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In the history of England and Wales, recusancy was the state of those who refused to attend Anglican services; the individuals were known as recusants.[1] The term, which derives ultimately from the Latin recusare (to refuse or make an objection)[2] was first used to refer to those who remained loyal to the Roman Catholic Church and did not attend Church of England services, with a 1593 statute determining the penalties against "Popish recusants".[3]

The "Recusancy Acts" began during the reign of Elizabeth I and were repealed in 1650.[4] They imposed various types of punishment on those who did not participate in Anglican religious activity, such as fines, property confiscation, and imprisonment.[5] Despite their repeal, restrictions against Roman Catholics were still in place until full Catholic Emancipation in 1829.[6] In some cases those adhering to Catholicism faced capital punishment,[7] and a number of English and Welsh Catholics executed in the 16th and 17th centuries have been canonised by the Catholic Church as Christian martyrs (see Catholic martyrs of the English Reformation).[8]


After the English Reformation, from the 16th to the 19th century those guilty of such nonconformity, termed "recusants", were subject to civil penalties and sometimes, especially in the earlier part of that period, to criminal penalties. Roman Catholics formed a large proportion, if not a plurality, of recusants, and it was to Catholics that the term initially was applied. Non-Catholic groups composed of Reformed Christians or Protestant dissenters from the Church of England were later labeled "recusants" as well. The recusancy laws were in force from the reign of Elizabeth I to that of George III, but not always enforced with equal intensity.

The first statute to address sectarian dissent from England's official religion was enacted in 1593 under Elizabeth I and specifically targeted Catholics, under the title "An Act for restraining Popish recusants". It defined "Popish recusants" as those "convicted for not repairing to some Church, Chapel, or usual place of Common Prayer to hear Divine Service there, but forbearing the same contrary to the tenor of the laws and statutes heretofore made and provided in that behalf." Other Acts targeted Catholic recusants, including statutes passed under James I and Charles I, as well as laws defining other offences deemed to be acts of recusancy. Recusants were subject to various civil disabilities and penalties under English penal laws, most of which were repealed during the Regency and the reign of George IV (1811–30). The Nuttall Encyclopædia notes that Dissenters were largely forgiven by the Act of Toleration under William III, while Catholics "were not entirely emancipated till 1829".[9]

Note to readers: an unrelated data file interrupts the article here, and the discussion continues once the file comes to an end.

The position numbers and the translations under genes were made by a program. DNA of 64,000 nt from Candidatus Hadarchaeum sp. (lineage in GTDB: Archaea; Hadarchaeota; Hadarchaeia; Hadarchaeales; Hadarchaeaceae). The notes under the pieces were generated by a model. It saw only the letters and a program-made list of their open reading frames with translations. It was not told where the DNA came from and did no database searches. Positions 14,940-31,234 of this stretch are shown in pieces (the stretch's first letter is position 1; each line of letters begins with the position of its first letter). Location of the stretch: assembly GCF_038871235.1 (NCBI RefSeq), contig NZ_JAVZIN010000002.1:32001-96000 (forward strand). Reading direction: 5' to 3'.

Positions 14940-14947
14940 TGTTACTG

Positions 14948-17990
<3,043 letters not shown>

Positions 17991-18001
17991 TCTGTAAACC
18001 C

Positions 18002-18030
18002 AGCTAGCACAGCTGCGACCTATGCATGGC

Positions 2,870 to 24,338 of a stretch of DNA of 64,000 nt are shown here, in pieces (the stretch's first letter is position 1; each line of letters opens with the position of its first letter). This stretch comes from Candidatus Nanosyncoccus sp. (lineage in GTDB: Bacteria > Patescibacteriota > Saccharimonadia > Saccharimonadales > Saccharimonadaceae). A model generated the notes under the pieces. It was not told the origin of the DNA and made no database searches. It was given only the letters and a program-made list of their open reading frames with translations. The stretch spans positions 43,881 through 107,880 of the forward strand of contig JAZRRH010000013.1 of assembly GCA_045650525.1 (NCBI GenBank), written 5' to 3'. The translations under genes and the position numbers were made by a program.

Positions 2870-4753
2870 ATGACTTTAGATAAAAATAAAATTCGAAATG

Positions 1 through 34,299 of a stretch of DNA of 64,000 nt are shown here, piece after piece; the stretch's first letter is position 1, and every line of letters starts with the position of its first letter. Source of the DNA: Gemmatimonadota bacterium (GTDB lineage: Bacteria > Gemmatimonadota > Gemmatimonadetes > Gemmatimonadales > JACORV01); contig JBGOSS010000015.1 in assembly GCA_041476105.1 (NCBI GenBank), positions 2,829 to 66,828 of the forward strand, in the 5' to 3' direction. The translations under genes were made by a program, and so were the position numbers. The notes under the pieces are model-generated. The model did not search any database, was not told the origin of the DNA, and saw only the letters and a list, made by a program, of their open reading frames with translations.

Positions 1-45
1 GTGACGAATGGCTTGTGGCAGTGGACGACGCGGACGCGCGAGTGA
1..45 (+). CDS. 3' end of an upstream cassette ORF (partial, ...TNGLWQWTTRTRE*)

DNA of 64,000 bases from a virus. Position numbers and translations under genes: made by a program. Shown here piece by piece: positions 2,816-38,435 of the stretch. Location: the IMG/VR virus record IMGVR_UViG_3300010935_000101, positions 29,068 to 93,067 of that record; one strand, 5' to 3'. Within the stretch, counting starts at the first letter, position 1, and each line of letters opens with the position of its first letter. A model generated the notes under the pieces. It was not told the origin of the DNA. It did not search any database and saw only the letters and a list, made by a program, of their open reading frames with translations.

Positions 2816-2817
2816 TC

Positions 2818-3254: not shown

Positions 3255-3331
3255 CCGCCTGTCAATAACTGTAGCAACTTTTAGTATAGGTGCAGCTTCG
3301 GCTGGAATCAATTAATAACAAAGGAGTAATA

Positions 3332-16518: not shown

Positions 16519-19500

Early recusants included Protestant dissenters, whose confessions derived from the Calvinistic Reformers or Radical Reformers. With the growth of these latter groups after the Restoration of Charles II, they were distinguished from Catholic recusants by the terms "nonconformist" or "dissenter". The recusant period reaped an extensive harvest of saints and martyrs. Among the recusants were some high-profile Catholic aristocrats such as the Howards and, for a time, the Plantagenet-descended Beauforts. This patronage ensured that an organic and rooted English base continued to inform the country's Catholicism, in addition to later immigration from Ireland, and later from Poland and Lithuania, among other places.

In the English-speaking world, the Douay-Rheims Bible was translated from the Latin Vulgate by expatriate recusants in Rheims, France in 1582 (New Testament) and in Douai, France in 1609 (Old Testament). It was revised by Bishop Richard Challoner in 1749–52. The 1750 revision is still printed today. Until the prompting for "new translations from the original languages" in Pope Pius XII's 1942 Papal encyclical Divino afflante spiritu, and by the Second Vatican Council, it was the translation used by most Catholics. After Divino afflante spiritu, translations multiplied in the Catholic world (just as they multiplied in the Protestant world around the same time beginning with the Revised Standard Version) Various other translations were used by Catholics around the world for English-language liturgies, ranging from the New American Bible, the Jerusalem Bible, the Revised Standard Version Second Catholic Edition, and the upcoming English Standard Version Catholic lectionary. The Douay-Rheims Challoner Bible is still often preferred by more conservative or Traditionalist Catholics.

Modern usage

As far as the term is used in the present day, recusant applies to the descendants of Catholic British gentry and peerage families. Catholicism was the majority religion in various pockets, notably in parts of Lancashire, Yorkshire, and Cumbria, and, in Scotland, in parts of the Highlands and the southern Hebrides (i.e. South Uist, Benbecula, Eriskay, Barra and Vatersay).

The term recusant is also used more generally to refer to non-compliance with a perceived innovation of questionable orthodoxy, which had become the status quo. Some traditional Catholics have used the term following Vatican II, particularly in defence of the Latin mass and sacred tradition.[10]

Recusant families

The recusant Howard family, some of whose members are known as Fitzalan-Howard, the Dukes of Norfolk, is the most prominent Catholic family in England. Recusancy was historically focused in Northern England, particularly Lancashire and Cumbria. The Acton (also known as Dalberg-Acton and Lyon-Dalberg-Acton) family is another well-known recusant family.

Other recusant families include(d) the following families (or branches thereof): Wilson, Wiseman (of Wimbish), Wollascott (of Woolhampton Manor), Wolseley (of Wolseley Park, Colwich, Staffs), Yates (of Buckland Manor), and Young (of Kingerby Hall, West Lindsey, Lincs).